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A Few Good Men
But how many are there?
Tom Cruise wants to know the truth. Jack Nicholson says he can't handle it.
Something bad's happened in the US military. Something's being covered up. Tom Cruise is called in to uncover the truth. He runs into a wall of conspiratorial silence everywhere. This wall is so deadly it ends up costing lives.
Jack Nicholson sits atop a military hierarchy at an outpost outside the territorial US - in another country - and insists he's protecting the US. The mind begins to boggle.
Nicholson sits in an office in another country that the US preempted from that other country over 100 years ago. What that other country felt about the whole thing was immaterial. They either went along with the whole thing or they were crushed.
Now Nicholson is sitting there, keeping his dirty secrets and dictatorially threatening his lackeys to keep those secrets as well, and Tom Cruise has to somehow break through that wall of silence.
The revelations of the ongoing 'Cablegate' might seem innocuous on the surface but a student of conspiracy might have seen something lurking below that surface. It all appears to be so much gossip - as opposed to the blitzkrieg releases from WikiLeaks up to now. But those previous releases only smarted and only briefly, despite the horrific tales they told. This release attacks the sinister powers within the powers where it hurts most - their very communication channels.
Obama and Cameron have both resisted demands from Nick Clegg and the United Nations to investigate war crimes and torture. This has been easy to do in the climate in those countries of late and it's been helped along by the effective media blackout in the one country. As Per Bjurman in New York City noted, people in the US didn't really bother about WikiLeaks until Thanksgiving week when they suddenly started choking on their turkeys.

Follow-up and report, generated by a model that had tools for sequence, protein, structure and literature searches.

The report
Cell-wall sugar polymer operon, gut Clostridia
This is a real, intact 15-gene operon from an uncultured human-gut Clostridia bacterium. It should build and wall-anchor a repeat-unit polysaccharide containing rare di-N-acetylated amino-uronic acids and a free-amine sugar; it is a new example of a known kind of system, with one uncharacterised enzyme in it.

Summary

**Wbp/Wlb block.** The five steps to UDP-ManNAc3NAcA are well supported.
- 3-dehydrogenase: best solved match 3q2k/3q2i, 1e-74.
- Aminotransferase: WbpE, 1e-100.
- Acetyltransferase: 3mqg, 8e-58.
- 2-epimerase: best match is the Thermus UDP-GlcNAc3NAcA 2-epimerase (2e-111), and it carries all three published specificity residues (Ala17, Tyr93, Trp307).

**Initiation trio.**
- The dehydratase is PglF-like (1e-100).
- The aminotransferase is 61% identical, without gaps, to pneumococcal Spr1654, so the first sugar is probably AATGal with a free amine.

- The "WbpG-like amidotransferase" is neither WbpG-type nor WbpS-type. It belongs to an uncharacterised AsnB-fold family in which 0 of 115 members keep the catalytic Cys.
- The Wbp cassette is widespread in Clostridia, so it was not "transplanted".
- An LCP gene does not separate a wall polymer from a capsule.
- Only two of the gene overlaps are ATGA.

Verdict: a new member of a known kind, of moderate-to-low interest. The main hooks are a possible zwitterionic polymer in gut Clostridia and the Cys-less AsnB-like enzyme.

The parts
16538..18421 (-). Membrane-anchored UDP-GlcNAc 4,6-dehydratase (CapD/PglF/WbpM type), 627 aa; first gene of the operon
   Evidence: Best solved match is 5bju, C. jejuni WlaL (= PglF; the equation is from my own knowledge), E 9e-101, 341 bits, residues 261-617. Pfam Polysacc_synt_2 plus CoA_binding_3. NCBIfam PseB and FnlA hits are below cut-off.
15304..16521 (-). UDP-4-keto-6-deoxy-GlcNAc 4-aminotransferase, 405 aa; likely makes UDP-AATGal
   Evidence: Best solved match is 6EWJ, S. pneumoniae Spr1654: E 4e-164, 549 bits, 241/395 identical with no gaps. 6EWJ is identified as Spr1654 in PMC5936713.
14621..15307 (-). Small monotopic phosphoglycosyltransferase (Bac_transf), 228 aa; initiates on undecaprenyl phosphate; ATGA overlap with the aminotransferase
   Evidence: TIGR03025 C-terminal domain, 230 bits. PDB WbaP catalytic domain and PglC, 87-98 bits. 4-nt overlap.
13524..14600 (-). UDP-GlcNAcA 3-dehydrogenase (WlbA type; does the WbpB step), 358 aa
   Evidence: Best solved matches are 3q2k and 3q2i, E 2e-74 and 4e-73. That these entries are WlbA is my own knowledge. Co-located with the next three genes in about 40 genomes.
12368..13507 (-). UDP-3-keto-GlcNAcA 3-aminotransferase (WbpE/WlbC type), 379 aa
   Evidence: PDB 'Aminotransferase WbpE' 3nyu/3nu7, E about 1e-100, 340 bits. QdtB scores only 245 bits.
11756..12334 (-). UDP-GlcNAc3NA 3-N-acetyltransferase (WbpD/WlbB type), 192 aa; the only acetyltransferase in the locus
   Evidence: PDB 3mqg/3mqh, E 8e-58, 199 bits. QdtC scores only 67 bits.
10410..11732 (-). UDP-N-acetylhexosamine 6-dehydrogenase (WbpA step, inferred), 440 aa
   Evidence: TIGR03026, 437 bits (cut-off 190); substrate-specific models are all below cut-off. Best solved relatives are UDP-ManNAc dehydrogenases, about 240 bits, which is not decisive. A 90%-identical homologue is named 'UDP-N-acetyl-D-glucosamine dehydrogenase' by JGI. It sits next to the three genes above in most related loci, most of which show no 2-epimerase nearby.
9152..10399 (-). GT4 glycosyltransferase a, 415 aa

And the reason for this is obvious: Cablegate hits the evil in all these governments where it hurts - it disintegrates their communication channels. Suddenly they all hate each other, can't trust each other, can't keep their dirty secrets hidden from the public anymore.
The revelations have just begun. El País in Spain, the Guardian in the UK, Le Monde in France, the New York Times in the US, and Spiegel Online in Germany (with an excellent English language edition) all have copies of the full quarter of a million cables and it doesn't really matter a hoot if the WikiLeaks mirrors are up and running - the timetable's already been set, not fully 1% of the cables have been released, there are still over 250,000 remaining, and rain simply won't stop.
Sentiments are different this time too. Along with the usual slew of wackos calling for people to be arrested or assassinated or both are the overwhelmingly supportive comments from all around the world against such ideas. There may have been signs of indifference (or at least ignorance) about things up to now but there's no longer any doubt what the great majority feel today.